Apple & the Environment


Apple has faced a bit of criticism over its environmental record of late. In particular, GreenPeace recently launched this website, a parody of Apple’s own website. The parody site proclaims the campaigners’ affection for Apple, along with an ardent desire that the computer company clean up its act, environmentally speaking:

We love Apple. Apple knows more about “clean” design than anybody, right? So why do Macs, iPods, iBooks and the rest of their product range contain hazardous substances that other companies have abandoned? A cutting edge company shouldn’t be cutting lives short by exposing children in China and India to dangerous chemicals. That’s why we Apple fans need to demand a new, cool product: a greener Apple.

The webpage follows up on an earlier GreenPeace report, their Guide to Greener Electronics. That report “…ranks leading mobile and PC manufacturers on their global policies and practice on eliminating harmful chemicals and on taking responsibility for their products once they are discarded by consumers.” It says that, from an environmental point of view, Apple ranks near the bottom of the pack: just ahead of Lenovo, Motorola, and Acer, but well behind companies like Dell, Nokia, Sony Ericsson and Samsung. Why does apple score so badly? According to the report,

Apple scores badly on almost all criteria. The company fails to embrace the precautionary principle, withholds its full list of regulated substances and provides no timelines for eliminating toxic polyvinyl chloride (PVC) and no commitment to phasing out all uses of brominated flame retardants (BFRs). Apple performs poorly on product take back and recycling, with the exception of reporting on the amounts of its electronic waste recycled.

Apple, for its part, has the following to say, on its Apple and the Environment page:

Environmental protection is a priority for the conservation of precious natural resources and the continued health of our planet. Apple recognizes its responsibility as a global citizen and is continually striving to reduce the environmental impact of the work we do and the products we create.

So, how do we make sense of this?
Well, one possibility is that GreenPeace’s assessment of Apple is fair & accurate. Even folks who are fans of Apple’s products (and frankly I’m one of them) should acknowledge that it’s at least possible for a company that produces beautiful, efficient technology to do so in a way that’s not as environmentally-friendly as it could be. Naivete about this would be pretty sad, even childish.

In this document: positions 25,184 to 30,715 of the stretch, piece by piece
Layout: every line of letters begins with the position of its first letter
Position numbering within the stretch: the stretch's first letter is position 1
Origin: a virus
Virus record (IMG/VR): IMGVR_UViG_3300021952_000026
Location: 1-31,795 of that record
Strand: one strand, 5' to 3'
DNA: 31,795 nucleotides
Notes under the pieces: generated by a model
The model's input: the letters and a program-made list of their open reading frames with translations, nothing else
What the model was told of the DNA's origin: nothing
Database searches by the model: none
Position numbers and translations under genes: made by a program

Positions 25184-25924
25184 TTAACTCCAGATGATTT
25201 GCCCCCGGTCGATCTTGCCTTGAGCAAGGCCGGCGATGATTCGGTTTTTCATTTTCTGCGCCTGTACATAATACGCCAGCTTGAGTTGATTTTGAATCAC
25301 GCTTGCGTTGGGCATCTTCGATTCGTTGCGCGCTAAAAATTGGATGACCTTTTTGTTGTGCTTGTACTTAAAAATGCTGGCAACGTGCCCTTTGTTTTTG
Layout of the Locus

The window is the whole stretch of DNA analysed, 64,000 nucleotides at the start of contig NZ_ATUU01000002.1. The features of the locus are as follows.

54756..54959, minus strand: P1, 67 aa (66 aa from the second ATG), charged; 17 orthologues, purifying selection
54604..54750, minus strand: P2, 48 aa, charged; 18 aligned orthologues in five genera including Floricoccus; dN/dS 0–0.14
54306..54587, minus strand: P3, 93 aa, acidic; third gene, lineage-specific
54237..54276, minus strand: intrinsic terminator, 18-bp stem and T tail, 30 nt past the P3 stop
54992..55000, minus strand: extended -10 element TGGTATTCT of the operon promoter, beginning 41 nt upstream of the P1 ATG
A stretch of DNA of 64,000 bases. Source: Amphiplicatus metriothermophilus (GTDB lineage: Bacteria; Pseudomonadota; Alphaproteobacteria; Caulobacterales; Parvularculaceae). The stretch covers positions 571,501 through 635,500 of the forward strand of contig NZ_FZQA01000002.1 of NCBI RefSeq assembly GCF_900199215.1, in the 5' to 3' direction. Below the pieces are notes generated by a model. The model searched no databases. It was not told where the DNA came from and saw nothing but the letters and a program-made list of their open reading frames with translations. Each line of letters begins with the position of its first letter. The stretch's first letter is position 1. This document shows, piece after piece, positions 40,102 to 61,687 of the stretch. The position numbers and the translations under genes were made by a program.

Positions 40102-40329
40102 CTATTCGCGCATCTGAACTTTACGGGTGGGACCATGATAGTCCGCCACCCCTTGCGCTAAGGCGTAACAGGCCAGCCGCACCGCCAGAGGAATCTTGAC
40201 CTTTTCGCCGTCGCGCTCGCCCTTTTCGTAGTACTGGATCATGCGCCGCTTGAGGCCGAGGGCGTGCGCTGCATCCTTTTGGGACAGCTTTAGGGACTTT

On the other hand, we shouldn’t take the rating handed out by an activist group — even a well-established one like GreenPeace — at face value. In particular, we need to look at the criteria GreenPeace uses in arriving at its ranking. In particular, it’s worth noting that according to the GreenPeace report, “Companies are ranked solely on information that is publicly available.” This, of course, is not uncommon among rankings. Companies are not always cooperative, so researchers and activists interested in evaluating & ranking companies often have no choice but to rely on whatever info is available on corporate websites, in Annual Reports, in SEC filings, etc.
But note the particular result this focus on public sources has for the GreenPeace report: some companies get slammed for not (publicly) providing a time-line for phasing out certain chemicals or for failing to mention the Precautionary Principle, while others get credit for using the right definition of the Precautionary Principle (there are several competing definitions, by the way), or for “explicitly supporting” edgy environmental concepts such as “Individual Producer Responsibility.” So, the report shows evidence of little (if any) effort to measure actual environmental performance. Should this critcism of the GreenPeace report reassure us about Apple’s commitment to the environment? Not entirely. The aspirations and promises that appear on a corporate website do matter. Companies that stick their neck out by promising to reduce pollution, committing to changing production methods, etc., deserve credit for saying something that they eventually be held to. It’ll be interesting to see whether GreenPeace’s criticisms spur Apple to stick its own neck out a little more. Which, of course, was the whole point right?

(Thanks to blogger & Apple fan Daniel Eran for pointing out the significance of the “publicly available” bit.) (And thanks to former student Nicole for the story idea.)

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